Nous ne sommes pas seuls #GC43
During General Council 43, various people will be reporting on what’s happening, sharing moments and offering their reflections. Deborah Laforet and Marlene Britton-Walfall found connection at GC43.
General Council is a place to reconnect. As someone who was a candidate in one conference, a student in another, settled into a third, and am now in a fourth conference, General Council becomes a place where I can connect with people across those conference and across provinces.
Today, at GC43 in Oshawa, I was pleased to connect with four women in ministry that were a part of Twin Valleys Presbytery in Saskatchewan Conference at the same time, which I think happened in 2006 and 2007. Three of us have moved on to different conferences. I am grateful for their friendship and was happy be in the same place at the same time once again.
Deborah Laforet is a diaconal minister at St. Paul’s United, Oakville.
Nous ne sommes pas seuls. We are not alone. Ubuntu. All my relations.
The showers which dominated the morning’s weather had no power to dampen the energy and spirit of the General Council’s gathering. Some braved the showers to attend the sunrise ceremony, others to participate in the Alvin Memorial Walk. All were present for the opening ceremony, and what a communion it was, with all my relations!
Greetings, prayers, scripture readings and the blessing were offered in the languages of the First Nations peoples on whose land we were worshipping, in English and in French. We were given a challenging sermon by Rev. Miriam Spies, speaking on Mark’s account of the Feeding of the Five Thousand, expertly weaving the theme, “Send Them Away…No You Feed Them” all through a powerful message. Having communion with all my relations was a wonderful way to seal the morning.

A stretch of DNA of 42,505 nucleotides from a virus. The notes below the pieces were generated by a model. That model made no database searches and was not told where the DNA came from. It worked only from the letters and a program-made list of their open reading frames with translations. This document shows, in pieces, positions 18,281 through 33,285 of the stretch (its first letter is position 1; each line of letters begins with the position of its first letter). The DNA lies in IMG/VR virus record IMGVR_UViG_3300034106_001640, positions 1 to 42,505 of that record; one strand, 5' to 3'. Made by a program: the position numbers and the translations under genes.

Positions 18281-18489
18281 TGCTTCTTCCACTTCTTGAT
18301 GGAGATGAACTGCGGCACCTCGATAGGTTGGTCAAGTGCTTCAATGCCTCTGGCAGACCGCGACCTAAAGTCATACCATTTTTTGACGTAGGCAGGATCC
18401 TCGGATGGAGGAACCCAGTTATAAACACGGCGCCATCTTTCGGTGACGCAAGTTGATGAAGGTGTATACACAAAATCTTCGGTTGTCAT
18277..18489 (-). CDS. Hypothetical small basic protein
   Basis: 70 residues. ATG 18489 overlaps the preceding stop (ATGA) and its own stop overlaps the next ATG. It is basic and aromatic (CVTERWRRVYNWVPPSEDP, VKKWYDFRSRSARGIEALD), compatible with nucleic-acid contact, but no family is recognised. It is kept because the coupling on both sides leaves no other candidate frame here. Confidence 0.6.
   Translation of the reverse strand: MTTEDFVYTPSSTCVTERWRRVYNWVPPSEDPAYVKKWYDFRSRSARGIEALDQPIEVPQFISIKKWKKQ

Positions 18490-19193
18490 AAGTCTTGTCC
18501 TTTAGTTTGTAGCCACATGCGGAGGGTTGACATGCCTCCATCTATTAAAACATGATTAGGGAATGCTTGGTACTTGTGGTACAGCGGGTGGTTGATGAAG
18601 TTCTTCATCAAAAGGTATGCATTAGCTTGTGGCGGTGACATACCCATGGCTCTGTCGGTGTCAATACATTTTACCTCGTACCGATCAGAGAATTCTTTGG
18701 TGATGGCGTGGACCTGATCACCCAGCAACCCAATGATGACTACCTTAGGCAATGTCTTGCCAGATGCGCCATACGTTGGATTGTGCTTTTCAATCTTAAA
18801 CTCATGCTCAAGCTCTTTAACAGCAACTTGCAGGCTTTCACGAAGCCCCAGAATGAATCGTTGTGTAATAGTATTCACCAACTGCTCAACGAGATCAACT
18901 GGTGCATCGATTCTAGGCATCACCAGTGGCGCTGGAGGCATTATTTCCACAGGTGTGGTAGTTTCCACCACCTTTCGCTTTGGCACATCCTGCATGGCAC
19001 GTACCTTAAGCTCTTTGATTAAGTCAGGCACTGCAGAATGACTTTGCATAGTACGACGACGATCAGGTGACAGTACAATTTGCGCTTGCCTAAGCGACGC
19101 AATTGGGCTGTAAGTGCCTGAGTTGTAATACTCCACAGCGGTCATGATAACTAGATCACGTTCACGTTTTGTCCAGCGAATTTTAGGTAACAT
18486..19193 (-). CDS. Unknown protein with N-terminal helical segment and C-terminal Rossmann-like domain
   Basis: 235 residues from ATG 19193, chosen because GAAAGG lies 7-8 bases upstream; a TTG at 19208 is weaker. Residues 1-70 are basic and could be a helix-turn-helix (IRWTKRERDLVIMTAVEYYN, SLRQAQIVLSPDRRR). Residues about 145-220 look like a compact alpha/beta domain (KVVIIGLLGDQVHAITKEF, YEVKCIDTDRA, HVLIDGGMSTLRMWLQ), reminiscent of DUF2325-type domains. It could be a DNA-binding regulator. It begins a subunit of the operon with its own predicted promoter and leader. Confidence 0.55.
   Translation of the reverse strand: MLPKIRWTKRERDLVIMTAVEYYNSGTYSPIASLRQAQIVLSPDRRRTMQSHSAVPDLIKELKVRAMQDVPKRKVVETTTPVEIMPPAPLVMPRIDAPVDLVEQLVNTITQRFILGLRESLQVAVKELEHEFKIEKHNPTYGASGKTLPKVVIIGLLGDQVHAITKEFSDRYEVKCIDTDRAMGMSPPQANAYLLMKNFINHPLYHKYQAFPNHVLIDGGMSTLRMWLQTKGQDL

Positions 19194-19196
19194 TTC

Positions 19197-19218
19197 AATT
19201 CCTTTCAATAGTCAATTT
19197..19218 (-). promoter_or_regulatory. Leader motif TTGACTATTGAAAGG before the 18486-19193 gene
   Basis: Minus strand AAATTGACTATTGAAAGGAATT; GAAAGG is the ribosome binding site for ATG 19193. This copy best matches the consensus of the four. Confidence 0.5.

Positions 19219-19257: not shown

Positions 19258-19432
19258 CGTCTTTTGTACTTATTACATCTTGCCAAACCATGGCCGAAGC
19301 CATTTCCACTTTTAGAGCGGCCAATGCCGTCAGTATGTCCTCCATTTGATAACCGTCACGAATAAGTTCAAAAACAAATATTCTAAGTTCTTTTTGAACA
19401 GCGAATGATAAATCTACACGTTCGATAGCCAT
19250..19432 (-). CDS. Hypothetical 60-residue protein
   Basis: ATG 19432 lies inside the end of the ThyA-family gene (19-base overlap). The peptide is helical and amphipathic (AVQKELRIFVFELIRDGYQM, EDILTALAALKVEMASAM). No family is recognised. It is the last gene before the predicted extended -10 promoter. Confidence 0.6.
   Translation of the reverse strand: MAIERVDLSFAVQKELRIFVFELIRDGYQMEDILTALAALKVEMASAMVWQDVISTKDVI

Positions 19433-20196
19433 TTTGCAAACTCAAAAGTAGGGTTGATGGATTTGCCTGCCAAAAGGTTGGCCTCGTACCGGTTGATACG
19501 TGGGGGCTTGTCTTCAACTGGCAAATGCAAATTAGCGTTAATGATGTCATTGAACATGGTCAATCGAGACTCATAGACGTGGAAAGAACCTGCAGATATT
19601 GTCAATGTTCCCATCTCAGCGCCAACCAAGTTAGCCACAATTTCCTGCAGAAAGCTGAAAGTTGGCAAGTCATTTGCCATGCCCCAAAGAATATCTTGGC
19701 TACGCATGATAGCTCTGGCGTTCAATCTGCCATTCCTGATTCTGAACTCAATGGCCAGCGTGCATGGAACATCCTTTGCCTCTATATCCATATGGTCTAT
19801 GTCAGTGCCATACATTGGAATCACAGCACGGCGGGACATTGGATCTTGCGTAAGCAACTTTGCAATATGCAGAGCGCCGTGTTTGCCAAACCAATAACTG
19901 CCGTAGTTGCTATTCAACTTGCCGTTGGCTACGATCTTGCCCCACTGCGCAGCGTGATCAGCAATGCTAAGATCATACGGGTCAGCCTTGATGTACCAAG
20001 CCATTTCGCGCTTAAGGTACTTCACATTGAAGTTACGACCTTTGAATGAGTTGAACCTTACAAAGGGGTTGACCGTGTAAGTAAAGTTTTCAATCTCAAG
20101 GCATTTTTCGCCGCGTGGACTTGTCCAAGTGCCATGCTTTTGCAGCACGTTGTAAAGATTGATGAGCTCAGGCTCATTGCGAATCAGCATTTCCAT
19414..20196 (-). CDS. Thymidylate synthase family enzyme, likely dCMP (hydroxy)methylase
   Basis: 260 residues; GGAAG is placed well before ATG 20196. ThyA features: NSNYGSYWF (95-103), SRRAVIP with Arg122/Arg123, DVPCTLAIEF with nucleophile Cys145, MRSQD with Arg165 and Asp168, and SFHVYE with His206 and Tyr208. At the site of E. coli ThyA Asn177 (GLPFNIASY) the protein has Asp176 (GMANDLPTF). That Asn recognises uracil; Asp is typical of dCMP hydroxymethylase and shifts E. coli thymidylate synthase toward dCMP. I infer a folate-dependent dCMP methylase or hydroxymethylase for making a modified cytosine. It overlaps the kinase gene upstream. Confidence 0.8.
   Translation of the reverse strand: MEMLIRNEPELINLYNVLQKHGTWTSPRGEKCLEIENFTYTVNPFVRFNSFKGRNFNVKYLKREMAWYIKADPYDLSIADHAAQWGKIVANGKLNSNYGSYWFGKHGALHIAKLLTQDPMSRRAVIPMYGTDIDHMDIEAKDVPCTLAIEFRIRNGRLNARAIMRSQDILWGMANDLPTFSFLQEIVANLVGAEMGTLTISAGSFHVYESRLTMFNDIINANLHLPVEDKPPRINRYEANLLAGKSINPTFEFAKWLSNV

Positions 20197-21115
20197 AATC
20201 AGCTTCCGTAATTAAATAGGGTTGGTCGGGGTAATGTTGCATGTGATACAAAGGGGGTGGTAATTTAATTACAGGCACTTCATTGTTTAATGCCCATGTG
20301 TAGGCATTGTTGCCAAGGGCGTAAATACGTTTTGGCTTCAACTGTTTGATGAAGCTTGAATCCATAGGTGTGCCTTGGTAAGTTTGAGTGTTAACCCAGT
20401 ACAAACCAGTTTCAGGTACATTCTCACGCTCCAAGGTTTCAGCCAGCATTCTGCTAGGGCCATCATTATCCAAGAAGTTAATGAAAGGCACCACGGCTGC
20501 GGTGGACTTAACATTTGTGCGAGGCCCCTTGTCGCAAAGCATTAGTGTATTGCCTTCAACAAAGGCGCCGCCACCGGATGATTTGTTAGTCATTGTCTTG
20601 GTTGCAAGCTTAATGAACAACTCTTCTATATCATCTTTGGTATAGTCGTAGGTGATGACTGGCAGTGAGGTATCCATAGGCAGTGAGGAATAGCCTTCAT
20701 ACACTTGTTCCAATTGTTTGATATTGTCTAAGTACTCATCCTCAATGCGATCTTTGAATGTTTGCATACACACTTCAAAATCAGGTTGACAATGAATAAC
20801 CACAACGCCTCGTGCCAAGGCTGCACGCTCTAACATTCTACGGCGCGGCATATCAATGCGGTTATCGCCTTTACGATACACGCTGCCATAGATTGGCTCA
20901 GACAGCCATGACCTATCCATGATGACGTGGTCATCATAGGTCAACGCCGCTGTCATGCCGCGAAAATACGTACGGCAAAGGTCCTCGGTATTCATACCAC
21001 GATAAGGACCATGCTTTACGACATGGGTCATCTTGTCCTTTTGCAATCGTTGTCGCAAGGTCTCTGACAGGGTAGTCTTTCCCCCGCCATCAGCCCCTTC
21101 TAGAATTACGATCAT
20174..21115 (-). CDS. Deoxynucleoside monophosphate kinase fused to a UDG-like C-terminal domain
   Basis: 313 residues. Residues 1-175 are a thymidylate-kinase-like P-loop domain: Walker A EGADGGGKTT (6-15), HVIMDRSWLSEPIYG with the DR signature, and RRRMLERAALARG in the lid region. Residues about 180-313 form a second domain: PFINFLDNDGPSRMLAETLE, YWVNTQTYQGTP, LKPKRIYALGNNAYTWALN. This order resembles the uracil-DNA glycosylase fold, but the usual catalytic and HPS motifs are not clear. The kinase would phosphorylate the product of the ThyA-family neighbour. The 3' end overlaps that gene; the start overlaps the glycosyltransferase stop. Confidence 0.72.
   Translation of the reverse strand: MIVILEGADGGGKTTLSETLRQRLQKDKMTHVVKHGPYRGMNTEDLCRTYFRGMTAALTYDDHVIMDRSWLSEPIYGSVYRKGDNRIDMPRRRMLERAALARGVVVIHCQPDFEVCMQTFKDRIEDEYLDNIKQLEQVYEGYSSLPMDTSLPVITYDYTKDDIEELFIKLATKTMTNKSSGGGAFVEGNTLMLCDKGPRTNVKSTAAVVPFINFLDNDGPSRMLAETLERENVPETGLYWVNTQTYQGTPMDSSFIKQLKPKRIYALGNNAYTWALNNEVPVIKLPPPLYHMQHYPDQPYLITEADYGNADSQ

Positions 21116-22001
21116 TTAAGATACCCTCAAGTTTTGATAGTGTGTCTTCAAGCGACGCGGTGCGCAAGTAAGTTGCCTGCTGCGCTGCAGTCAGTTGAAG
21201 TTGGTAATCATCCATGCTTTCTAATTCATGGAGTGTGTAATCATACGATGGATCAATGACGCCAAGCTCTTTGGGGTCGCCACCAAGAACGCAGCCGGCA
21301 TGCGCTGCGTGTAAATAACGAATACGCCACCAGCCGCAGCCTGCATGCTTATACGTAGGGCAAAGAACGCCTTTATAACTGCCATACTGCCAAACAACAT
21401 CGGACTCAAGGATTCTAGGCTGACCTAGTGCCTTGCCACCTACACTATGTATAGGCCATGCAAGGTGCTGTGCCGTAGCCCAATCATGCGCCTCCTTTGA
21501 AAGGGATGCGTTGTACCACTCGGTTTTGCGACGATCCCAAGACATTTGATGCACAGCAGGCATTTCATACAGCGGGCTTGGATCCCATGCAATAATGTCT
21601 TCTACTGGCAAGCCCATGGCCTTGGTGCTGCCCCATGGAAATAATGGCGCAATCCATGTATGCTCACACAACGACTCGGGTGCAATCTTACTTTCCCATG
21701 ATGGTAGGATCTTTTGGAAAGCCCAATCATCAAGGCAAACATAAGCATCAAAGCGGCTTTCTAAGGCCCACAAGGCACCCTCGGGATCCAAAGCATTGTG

The afternoon was marked by robust discussion on business matters of great import, (including the vote to enact the remits) followed by an introduction to the nominees for Moderator. This session closed with an interactive worship session which introduced the term, “Ubuntu” – I am because you/we are. A time acknowledging that change is coming, but we can do it together. Ubuntu. All my relations.
The day was capped by a presentation from Michael Redhead Champagne. He talked about what gives him hope, even as he works with the Aboriginal Youth Organization (AYO) and Meet Me @ The Bell Tower, programs that aim to work in community with First Nations Youth. His presentation was followed by the Panel Discussion, which focussed on what is the way forward for right relations. The hope recognized and expressed, that the United Church will continue to advocate and work towards making reconciliation a reality for all my relations.